MBCT Week 6
This week we explored the concept that THOUGHTS ARE NOT FACTS! What a wonderful revelation this is! We looked in more detail at how we can become the observer of our thoughts during our mindfulness practice and how we could use imagery to visualise those thoughts passing on by.
Stepping back from thought:
This extract explains why it can be so valuable to watch our thoughts:
Imagery for thoughts!
When you are practicing mindfulness you may like to visualise your thoughts as clouds crossing the sky or leaves floating down a stream. Some people like to imagine they are words projected on a cinema screen or actors walking on and off a stage. Whatever imagery works best for you have a go at using it when you practice your meditations.
Here’s a reminder of the meditations we did this week. I have also included the “mountain meditation” which is lovely and I highly recommend you listening to :)
The THREE MINUTE BREATHING SPACE
Why we do it!:
This meditation is an absolutely gem especially if you are new to mindfulness practice. Try and practice it at least once a day. It is short sweet and can be done anywhere (even on the loo!). Notice whether you feel different after to before.
Sitting with difficulty
Why we do it!
This mediation is about sitting with something the brings about an uncomfortable feeling in us. It is important because we are so used to pushing stuff away that we don’t want in our lives (aversion). Ironically this pushing away often makes the situation worse (remember WHAT RESISTS PERSISTS).
Why we do it!
This meditation is a beautiful way to become the observer of your thoughts. It gets you to imagine you are a mountain and your thoughts are the seasons and weather passing on by. This is one of my favourites :)
Becoming aware of negative thoughts
Through watching our thoughts we can start to become aware of negative thoughts, and understand that they are NOT FACTS. Remember the following scenarios:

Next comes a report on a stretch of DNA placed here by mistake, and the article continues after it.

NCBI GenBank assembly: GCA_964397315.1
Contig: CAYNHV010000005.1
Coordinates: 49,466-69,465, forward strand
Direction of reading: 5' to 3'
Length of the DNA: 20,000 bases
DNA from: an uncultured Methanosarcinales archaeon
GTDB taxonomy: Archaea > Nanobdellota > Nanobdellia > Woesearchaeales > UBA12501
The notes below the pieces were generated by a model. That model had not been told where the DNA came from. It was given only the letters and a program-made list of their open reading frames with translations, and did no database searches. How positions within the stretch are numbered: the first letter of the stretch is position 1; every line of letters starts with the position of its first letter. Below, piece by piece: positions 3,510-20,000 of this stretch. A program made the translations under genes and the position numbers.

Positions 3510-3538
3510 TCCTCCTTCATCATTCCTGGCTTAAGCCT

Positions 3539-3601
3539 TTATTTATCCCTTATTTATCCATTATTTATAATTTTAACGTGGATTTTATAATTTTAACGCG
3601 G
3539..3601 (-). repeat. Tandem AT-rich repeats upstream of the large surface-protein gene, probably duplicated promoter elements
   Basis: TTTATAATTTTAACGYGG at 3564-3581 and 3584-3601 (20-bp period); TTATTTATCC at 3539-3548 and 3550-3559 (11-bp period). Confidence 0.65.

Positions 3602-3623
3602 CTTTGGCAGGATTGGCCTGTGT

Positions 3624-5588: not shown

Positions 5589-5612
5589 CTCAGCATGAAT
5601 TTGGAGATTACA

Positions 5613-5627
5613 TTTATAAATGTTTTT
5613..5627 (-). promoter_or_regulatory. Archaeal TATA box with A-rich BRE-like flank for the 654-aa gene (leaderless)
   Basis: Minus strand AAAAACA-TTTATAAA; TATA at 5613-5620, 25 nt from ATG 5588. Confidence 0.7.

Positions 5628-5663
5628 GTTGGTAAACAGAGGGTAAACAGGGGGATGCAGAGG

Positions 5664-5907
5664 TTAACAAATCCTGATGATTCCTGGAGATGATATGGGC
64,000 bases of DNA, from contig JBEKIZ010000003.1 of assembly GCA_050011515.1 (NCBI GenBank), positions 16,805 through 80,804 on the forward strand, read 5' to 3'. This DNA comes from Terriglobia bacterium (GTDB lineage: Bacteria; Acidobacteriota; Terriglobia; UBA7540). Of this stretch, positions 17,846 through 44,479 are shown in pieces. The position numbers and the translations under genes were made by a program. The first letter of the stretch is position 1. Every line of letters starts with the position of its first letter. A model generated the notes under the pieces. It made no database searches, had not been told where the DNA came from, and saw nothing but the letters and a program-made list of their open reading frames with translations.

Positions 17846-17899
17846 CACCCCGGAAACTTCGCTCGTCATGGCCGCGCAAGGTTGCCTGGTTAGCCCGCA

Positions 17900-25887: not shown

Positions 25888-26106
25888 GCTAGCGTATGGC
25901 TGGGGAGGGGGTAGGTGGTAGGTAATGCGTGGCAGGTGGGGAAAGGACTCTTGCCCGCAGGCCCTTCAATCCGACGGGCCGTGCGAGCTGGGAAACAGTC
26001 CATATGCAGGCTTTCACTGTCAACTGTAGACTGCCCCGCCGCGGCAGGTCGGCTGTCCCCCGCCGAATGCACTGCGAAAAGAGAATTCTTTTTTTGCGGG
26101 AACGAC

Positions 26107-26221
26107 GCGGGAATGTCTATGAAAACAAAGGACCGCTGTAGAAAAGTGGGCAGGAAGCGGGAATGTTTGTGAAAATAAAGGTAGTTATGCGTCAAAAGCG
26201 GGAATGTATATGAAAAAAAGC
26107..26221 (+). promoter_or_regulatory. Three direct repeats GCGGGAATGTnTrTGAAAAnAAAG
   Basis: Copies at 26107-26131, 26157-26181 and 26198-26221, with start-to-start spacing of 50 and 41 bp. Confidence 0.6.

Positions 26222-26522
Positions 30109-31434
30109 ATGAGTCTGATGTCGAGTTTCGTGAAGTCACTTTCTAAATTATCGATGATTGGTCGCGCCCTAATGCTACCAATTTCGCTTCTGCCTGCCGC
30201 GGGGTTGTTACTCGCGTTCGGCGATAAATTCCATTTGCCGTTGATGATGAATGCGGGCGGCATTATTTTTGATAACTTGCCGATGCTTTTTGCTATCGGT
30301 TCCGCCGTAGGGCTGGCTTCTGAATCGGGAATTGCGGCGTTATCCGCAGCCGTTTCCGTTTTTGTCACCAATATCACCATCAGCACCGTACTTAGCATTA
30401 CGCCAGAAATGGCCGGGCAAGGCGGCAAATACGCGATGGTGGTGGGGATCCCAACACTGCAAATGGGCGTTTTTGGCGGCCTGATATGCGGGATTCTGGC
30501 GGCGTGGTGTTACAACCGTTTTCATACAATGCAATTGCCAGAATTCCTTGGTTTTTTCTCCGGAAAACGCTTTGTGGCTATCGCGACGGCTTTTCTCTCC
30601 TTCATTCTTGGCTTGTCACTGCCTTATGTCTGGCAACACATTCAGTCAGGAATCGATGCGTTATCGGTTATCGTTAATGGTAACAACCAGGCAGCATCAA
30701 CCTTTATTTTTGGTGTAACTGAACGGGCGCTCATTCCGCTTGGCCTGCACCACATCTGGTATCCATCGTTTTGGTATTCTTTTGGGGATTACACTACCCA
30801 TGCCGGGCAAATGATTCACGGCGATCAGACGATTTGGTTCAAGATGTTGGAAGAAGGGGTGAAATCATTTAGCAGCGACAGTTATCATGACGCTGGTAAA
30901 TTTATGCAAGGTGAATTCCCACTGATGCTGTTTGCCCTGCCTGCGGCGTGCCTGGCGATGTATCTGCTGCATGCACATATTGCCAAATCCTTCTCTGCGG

You have just had a meeting with your boss in which you were reprimanded and told that your performance was inadequate. As you leave the office a colleague in the office rushes past you saying the don’t have time to stop and chat. What is your reaction?
You have just had a meeting with your boss in which you were praised and told that your performance was exceptional. As you leave the office a colleague in the office rushes past you saying the don’t have time to stop and chat. What is your reaction?
Often our reaction to exactly the same situation (in this case a colleague not stopping to chat) may be completely different DEPENDING ON OUR MOOD.
This is really important because it demonstrates again how important it is that we do not assume that our thoughts are true.
When you may be confusing a thought with fact you may find one of the following a helpful way to reframe it:
Perhaps I am confusing a thought with a fact?
Perhaps I am jumping to conclusions?
Perhaps I am thinking in black-and-white terms?
Perhaps I am condemning myself totally because of one thing?
Perhaps I am concentrating on my weaknesses and forgetting my strengths?
Perhaps I am blaming myself for something that isn’t my fault?
Perhaps I am judging myself?
Perhaps I am setting unrealistically high standards for myself so that I will fail?
Perhaps I am mind reading/crystal ball gazing?
Perhaps I am expecting perfection?
Perhaps I am overestimating disaster?
So perhaps you could notice that that negative thought is JUST A THOUGHT and allow it to float on by?
Once you have spotted a negative thought. YOU DON’T NEED TO ANALYSE THAT THOUGHT. Analysing it or arguing with it will just get you in a muddle. Just simply allow that thought to pass on by using your chosen imagery (cloud/leaf/actor/words on a screen) knowing now that it is of no use to you.
Think how liberating this could be if we did it with all the negative thoughts we had! Remember the list of our own negative thoughts (depressed or anxious thoughts) we explored before. Wouldn’t life look different if we didn’t get lost in these thoughts!?
This week try and listen to both the mountain meditation and if you can the sitting with difficulty meditation once (remember to pick a SMALL difficulty).
Also practice the 3 minute breathing space AT LEAST once a day. You won’t regret it. Use the emergency version if you’re in a tricky situation.
Also practice the “Letting go of difficult feelings” exercise I taught you AGAIN. I suggest you practice practice practice this and let me know if you get stuck with anything. You won’t regret it!
I hope you find this all helpful. Any questions please ask!
I look forward to seeing you next week.